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One idea, many directions? Lesson study and the intersection of global and local in teacher learning

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Abstract:

In today’s increasingly globalized world, ideas and models spread fast across national border. For a long time, such spread has been more often unidirectional – from the developed Western countries to the developing ones, mainly in the form of trends of thinking and theoretical models, such as in the recent decade of curriculum reform in China, the introduction of social constructivist and humanistic approaches. However, Eastern cultural models and educational practices, such as collaborative workplace culture and teacher learning practices in the form of collective lesson-based research from Japan and China, have been introduced to and implemented in the U.S. and other English speaking countries, and then brought back to East Asia, such as Hong Kong and Singapore and then from there back to China. This global circulation has rich implications for policy and practice globally. For such spread to take root, the social, cultural and institutional practices can either facilitate or hinder or complicates the processes. In this paper, through cases drawn from the U.S., China, Hong Kong and Singapore, the author aims to illustrate, by comparison and contrast, four different models of how lesson study were introduced and implemented from policy to practice as well as how each has had an impact on local practices of teacher development and classroom practices in the recent years. These cases both complicate our understanding of what effective teacher learning means and help raise important questions regarding the impact of local context and cultural practices on teacher learning.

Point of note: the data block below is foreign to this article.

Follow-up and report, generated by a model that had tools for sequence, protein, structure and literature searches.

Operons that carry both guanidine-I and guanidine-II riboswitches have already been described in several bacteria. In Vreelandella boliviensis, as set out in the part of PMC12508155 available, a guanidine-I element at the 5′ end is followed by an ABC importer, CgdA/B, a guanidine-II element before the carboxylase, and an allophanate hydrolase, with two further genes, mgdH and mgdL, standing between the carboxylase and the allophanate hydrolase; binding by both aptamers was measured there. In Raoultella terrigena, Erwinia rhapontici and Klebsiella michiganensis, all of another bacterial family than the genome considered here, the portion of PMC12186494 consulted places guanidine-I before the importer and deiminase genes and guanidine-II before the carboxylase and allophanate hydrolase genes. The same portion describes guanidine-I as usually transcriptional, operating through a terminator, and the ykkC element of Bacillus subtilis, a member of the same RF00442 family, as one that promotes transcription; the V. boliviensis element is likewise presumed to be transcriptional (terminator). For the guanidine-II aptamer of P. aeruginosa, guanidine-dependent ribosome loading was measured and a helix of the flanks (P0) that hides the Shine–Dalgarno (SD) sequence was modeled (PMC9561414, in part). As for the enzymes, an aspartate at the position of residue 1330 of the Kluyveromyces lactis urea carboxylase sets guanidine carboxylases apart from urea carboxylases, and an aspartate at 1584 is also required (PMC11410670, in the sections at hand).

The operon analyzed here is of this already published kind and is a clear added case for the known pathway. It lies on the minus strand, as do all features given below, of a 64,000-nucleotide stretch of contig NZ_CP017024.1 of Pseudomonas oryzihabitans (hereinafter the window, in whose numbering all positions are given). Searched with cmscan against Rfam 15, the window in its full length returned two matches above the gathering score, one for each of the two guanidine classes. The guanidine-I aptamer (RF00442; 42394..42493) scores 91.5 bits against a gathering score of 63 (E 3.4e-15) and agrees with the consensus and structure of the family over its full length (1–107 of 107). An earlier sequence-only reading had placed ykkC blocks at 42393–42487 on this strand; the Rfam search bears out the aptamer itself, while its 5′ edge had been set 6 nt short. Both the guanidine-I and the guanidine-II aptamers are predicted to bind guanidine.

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Association:
Name: 55th Annual Conference of the Comparative and International Education Society
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http://www.cies.us


Citation:
URL: http://citation.allacademic.com/meta/p494171_index.html
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MLA Citation:

Fang, Yanping. "One idea, many directions? Lesson study and the intersection of global and local in teacher learning" Paper presented at the annual meeting of the 55th Annual Conference of the Comparative and International Education Society, Fairmont Le Reine Elizabeth, Montreal, Quebec, Canada, <Not Available>. 2014-11-26 <http://citation.allacademic.com/meta/p494171_index.html>

APA Citation:

Fang, Y. "One idea, many directions? Lesson study and the intersection of global and local in teacher learning" Paper presented at the annual meeting of the 55th Annual Conference of the Comparative and International Education Society, Fairmont Le Reine Elizabeth, Montreal, Quebec, Canada <Not Available>. 2014-11-26 from http://citation.allacademic.com/meta/p494171_index.html

Publication Type: Panel Paper
Abstract: In today’s increasingly globalized world, ideas and models spread fast across national border. For a long time, such spread has been more often unidirectional – from the developed Western countries to the developing ones, mainly in the form of trends of thinking and theoretical models, such as in the recent decade of curriculum reform in China, the introduction of social constructivist and humanistic approaches. However, Eastern cultural models and educational practices, such as collaborative workplace culture and teacher learning practices in the form of collective lesson-based research from Japan and China, have been introduced to and implemented in the U.S. and other English speaking countries, and then brought back to East Asia, such as Hong Kong and Singapore and then from there back to China. This global circulation has rich implications for policy and practice globally. For such spread to take root, the social, cultural and institutional practices can either facilitate or hinder or complicates the processes. In this paper, through cases drawn from the U.S., China, Hong Kong and Singapore, the author aims to illustrate, by comparison and contrast, four different models of how lesson study were introduced and implemented from policy to practice as well as how each has had an impact on local practices of teacher development and classroom practices in the recent years. These cases both complicate our understanding of what effective teacher learning means and help raise important questions regarding the impact of local context and cultural practices on teacher learning.


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